73 dead and 3,700 injured in explosions in Beirut
Two violent explosions in the port of Beirut left at least 73 dead and 3,700 wounded on Tuesday in what the Health Minister called a catastrophe in every way.
This is a provisional count, according to the ministry's spokesman, Reda Moussaoui. The previous one was 50 dead and 2,750 wounded.
Beirut was declared a "disaster area," the Lebanese High Defense Council announced.
It is a catastrophe in every way, regretted Health Minister Hamad Hassan when questioned on television when visiting a hospital. The hospitals in the capital are all full of wounded, he stressed, before asking that others affected be transferred to hospital centers on the outskirts of the city.
Earlier, the director general of General Security, Abas Ibrahim, had said that the explosions could be due to highly explosive materials confiscated for years, but added that the investigation will determine the exact nature of the incident.
I call on all friendly countries and brother countries that love Lebanon to stand by their side and help us heal our deep wounds, said Prime Minister Hassan Diab.
Videos broadcast on social media showed a first explosion followed by another that caused a gigantic plume of smoke. The deflagrations shook neighboring buildings and caused glass to break several kilometers around.
President Michel Aoun called an urgent meeting of the Higher Defense Council and the Prime Minister decreed a day of national mourning for this Wednesday.
It is a catastrophe inside (the port). There are corpses on the floor. Ambulances are taking the bodies, a soldier near the place told AFP.
Local media released images of people trapped in the rubble, some covered in blood.
A ship moored in the port was on fire, AFP journalists found. An officer asked journalists to stay away from the sector, fearing an explosion of fuel from the ship.
Soldiers from the UN mission in Lebanon (Finul), whose ship was anchored in the port of Beirut, were seriously injured, Finul announced Tuesday night.
The injured seafarers, some of whom were seriously injured, were evacuated to the nearest hospitals. No information was provided on the identity and nationality of the victims.
We are with the Lebanese people and government and ready to provide assistance, added Finul, a multinational peacekeeping force present in Lebanon since 1978.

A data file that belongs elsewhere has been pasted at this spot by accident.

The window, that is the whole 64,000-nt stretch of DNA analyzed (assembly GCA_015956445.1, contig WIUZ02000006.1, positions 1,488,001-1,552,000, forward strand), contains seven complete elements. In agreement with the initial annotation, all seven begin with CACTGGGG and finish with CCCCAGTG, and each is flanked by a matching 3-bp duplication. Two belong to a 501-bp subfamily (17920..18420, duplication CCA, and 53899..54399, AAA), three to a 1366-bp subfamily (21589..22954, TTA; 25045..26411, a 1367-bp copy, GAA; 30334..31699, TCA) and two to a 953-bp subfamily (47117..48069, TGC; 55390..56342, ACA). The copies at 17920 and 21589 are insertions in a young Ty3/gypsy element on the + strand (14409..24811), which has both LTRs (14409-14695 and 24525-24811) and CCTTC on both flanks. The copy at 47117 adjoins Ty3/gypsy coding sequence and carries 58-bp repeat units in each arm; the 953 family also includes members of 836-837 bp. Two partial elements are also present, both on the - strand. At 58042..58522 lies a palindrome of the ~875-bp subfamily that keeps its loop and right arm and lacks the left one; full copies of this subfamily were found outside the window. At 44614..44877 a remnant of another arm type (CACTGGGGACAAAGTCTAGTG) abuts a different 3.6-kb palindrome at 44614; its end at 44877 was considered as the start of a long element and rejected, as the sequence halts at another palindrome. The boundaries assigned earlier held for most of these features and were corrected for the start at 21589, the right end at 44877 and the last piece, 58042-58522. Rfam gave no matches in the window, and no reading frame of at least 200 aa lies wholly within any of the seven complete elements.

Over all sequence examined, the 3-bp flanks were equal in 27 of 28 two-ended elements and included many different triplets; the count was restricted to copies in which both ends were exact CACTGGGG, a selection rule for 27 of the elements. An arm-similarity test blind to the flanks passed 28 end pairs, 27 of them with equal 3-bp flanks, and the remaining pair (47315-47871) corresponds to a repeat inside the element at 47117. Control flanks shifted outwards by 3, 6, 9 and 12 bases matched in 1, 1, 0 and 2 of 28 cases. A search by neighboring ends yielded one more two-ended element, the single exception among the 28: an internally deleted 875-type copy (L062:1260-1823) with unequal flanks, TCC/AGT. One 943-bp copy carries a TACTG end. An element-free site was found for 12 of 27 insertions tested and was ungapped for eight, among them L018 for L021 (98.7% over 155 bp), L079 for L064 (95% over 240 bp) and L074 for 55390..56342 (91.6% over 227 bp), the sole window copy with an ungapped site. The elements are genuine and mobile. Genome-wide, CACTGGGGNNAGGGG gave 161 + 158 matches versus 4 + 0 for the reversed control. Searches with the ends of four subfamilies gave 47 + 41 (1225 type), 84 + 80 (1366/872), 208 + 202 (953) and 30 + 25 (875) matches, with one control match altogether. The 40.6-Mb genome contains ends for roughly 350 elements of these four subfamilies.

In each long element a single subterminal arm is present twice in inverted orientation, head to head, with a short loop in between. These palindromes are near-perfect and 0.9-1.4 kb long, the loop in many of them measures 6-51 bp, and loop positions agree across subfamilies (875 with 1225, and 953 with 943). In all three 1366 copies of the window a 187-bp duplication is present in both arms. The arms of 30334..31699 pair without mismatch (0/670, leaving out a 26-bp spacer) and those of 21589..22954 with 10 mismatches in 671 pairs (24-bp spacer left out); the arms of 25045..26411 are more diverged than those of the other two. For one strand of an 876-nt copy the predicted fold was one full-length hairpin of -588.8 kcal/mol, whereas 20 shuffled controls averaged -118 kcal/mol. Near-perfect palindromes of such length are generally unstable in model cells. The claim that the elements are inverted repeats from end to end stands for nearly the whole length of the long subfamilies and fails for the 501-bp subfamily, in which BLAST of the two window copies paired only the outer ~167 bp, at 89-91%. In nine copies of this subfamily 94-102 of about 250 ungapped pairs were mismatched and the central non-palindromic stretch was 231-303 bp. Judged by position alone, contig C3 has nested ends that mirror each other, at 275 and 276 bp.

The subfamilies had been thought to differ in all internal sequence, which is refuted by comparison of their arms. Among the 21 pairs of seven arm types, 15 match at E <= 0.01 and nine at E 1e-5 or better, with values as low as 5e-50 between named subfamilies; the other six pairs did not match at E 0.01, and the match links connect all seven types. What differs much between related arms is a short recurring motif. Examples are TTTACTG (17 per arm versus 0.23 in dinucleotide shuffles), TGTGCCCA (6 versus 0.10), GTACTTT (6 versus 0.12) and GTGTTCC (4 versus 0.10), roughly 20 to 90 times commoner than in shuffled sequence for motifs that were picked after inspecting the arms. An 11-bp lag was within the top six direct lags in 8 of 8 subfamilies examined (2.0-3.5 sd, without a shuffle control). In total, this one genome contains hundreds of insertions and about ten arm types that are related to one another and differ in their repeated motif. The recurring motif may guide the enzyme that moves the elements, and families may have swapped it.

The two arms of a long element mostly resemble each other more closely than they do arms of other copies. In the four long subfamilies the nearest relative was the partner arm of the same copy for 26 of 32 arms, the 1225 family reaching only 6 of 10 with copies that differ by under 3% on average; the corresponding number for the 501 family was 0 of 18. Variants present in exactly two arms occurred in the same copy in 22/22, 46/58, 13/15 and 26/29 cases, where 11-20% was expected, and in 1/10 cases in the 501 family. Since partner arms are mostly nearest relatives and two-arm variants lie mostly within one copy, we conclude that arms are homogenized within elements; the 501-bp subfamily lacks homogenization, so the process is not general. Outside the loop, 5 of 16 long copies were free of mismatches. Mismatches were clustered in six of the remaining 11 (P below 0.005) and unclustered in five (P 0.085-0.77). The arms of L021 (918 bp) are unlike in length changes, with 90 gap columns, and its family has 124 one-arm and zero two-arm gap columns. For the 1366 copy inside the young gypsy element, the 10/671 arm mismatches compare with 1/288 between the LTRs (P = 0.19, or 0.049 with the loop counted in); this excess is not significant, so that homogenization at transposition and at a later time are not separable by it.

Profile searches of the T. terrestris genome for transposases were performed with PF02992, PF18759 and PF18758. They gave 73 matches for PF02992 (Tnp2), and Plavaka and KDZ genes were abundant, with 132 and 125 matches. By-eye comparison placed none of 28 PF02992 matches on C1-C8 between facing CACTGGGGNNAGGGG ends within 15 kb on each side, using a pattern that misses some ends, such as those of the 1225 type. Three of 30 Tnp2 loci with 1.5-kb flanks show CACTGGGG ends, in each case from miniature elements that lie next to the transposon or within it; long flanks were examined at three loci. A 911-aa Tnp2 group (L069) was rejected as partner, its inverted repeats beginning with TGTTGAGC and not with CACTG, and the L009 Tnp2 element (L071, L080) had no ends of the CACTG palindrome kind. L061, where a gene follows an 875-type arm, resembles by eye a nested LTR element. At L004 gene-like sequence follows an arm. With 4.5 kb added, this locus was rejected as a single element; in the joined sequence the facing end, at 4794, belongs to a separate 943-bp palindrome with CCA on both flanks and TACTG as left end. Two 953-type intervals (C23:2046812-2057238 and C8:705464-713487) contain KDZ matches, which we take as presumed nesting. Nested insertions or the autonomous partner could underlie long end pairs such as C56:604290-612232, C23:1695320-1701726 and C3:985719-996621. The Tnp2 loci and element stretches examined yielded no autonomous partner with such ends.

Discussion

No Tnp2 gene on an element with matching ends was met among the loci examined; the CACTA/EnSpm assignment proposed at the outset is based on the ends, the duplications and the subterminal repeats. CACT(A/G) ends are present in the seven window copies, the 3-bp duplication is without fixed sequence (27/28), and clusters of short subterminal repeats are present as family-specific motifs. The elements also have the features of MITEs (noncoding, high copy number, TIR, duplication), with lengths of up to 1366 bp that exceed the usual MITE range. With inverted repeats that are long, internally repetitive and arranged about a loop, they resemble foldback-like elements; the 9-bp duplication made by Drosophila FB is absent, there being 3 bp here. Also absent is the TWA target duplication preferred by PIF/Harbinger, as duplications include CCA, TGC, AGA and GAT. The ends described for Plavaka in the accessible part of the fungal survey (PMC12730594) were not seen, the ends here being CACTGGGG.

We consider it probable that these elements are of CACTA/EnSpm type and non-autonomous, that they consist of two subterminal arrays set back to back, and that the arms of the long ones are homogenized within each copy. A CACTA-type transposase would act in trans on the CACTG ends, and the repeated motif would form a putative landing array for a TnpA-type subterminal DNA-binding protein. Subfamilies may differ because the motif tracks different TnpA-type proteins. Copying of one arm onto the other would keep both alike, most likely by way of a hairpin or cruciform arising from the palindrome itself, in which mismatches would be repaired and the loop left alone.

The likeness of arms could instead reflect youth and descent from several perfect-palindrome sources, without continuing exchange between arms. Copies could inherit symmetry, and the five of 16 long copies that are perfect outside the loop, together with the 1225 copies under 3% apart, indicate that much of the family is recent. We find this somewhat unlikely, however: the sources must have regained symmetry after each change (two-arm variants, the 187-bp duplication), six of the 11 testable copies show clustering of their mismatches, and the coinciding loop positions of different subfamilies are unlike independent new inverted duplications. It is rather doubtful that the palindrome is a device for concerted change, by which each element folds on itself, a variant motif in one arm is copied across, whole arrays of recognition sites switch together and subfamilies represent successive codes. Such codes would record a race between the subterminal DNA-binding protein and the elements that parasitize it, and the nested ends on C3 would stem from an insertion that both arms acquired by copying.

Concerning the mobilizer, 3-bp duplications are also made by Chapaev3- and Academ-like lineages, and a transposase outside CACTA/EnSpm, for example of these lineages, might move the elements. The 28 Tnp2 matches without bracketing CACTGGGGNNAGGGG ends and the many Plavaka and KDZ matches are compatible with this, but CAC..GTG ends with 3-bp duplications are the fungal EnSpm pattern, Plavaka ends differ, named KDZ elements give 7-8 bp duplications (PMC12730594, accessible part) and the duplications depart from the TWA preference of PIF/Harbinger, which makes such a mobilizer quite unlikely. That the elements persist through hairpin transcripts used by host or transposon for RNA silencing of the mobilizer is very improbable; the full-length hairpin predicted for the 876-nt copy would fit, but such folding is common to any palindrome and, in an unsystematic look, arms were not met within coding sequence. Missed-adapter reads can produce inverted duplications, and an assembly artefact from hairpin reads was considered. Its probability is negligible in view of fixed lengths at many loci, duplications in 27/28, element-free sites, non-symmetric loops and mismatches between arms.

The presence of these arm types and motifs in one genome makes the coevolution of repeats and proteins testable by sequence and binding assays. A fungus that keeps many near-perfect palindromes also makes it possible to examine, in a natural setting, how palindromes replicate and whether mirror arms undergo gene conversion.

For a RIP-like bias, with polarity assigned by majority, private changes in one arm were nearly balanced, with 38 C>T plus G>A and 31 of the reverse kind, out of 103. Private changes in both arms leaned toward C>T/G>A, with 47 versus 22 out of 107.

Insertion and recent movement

The port sector has been cordoned off by the security forces, who only allow civil defense personnel, ambulances and firefighters to pass, according to AFP journalists at the entrance to the port.
In the surroundings, damage and destruction is important.
Two hours after the explosion, the flames were still alive in the area. A helicopter carried sea water to put out the fires.
We have seen a little smoke and then an explosion. And then a (smoke) mushroom. The force of the explosions has propelled us back into the apartment, says a resident of the Manssouriyeh neighborhood, who saw the explosion from his balcony, several kilometers from the port.
After the explosions, numerous inhabitants, some of them injured, walked the streets towards the hospitals. In front of the Clémenceau medical center, dozens of wounded, including minors, covered in blood, were waiting to be treated, according to an AFP journalist.
Almost all the windows of the shops in the Hamra, Badaro and Hazmieh neighborhoods exploded, as did the car windows.
In the streets there were abandoned vehicles with inflated airbags.
According to witnesses, the deflagrations were heard even in the coastal city of Larnaca, in Cyprus, more than 200 km from the Lebanese coast.
On February 14, 2005, a spectacular attack caused by a van packed with explosives exploded against the convoy of then Prime Minister Rafic Hariri, killing 21 people and leaving more than 200 wounded. The deflagration caused flames several meters high and smashed the windows of buildings located within a half-kilometer radius.
On Friday, the Netherlands-based Special Tribunal for Lebanon (TSL) plans to announce the verdict after the trial of four men, all suspected members of the powerful Lebanese movement Hezbollah, accused of having participated in the murder of Rafic Hariri.
Lebanon is experiencing the worst economic crisis in decades, marked by an unprecedented currency depreciation, hyperinflation and massive layoffs that have fueled social unrest for several months.